Lil Wayne's Young Money is a crew on par with G-Unit, Dipset, Maybach Music and Grand Hustle. Last year, Drake redefined R&B and hip-hop fusion while transforming into a platinum artist with Thank Me Later; Nicki Minaj almost single-handedly revived rapping as a vocation for the ladies and became a platinum sensation with Pink Friday. Which other squad can boast three platinum brands in 2011? To quote Jay-Z's memorable riposte to his many haters at the 2009 American Music Awards (which he later repeated on The Blueprint III's "Reminder"), "Men lie, women lie, numbers don't."
And yet, it seems wrong to rank Young Money among mainstream rap's biggest cliques, even if they've inarguably earned their spot. When we think of rap crews, our minds turn to hood soldiers, self-described thugs that spend as much time racking up criminal charges and beefing with other gangsters as they do logging guest spots on their sponsors' albums, patiently waiting for some shine of their own. Lil Wayne may fit the bill of a fearless, battle-scarred leader who's served prison time, but his progeny seem focused on reaching the pop charts, not ruling the mixtape circuit and carrying Weezy's weed stash. Their heroes are genre-blurring sensations like Kanye West, Chris Brown, Rihanna and, of course, Wayne himself.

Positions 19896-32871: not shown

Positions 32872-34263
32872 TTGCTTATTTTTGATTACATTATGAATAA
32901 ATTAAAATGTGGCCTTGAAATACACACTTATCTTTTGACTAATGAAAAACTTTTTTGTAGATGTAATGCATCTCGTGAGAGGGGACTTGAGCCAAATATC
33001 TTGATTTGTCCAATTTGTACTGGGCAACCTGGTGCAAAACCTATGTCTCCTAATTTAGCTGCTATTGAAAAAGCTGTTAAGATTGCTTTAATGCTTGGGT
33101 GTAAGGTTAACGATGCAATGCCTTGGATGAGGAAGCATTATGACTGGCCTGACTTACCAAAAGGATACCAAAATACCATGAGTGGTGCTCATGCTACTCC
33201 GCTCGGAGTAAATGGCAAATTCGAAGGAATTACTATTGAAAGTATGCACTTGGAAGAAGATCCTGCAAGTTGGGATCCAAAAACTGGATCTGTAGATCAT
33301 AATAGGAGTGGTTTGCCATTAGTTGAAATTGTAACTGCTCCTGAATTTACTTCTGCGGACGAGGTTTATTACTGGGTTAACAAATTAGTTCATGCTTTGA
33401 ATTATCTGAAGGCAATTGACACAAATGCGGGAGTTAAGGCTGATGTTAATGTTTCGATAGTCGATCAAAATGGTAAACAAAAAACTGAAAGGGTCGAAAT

This playlist collects all the familiar Y.M. hits from the late 2009 collection We Are Young Money, as well as a few unheralded singles that expand on the collective's urban pop approach. With new, swaggering tracks like " I'm on It," Tyga is carefully rebranding himself after the 2008 novelty hit "Coconut Juice." On "Love Affair" and "New Money," Lil Twist has modeled himself after Bow Wow and other underage emcees, searching for a breakout single that will force the world to notice him. Not every Young Money crew member will blow up like Drake and Nicki Minaj, but expect rap's hottest team to continue upending our notions of the hip-hop supergroup.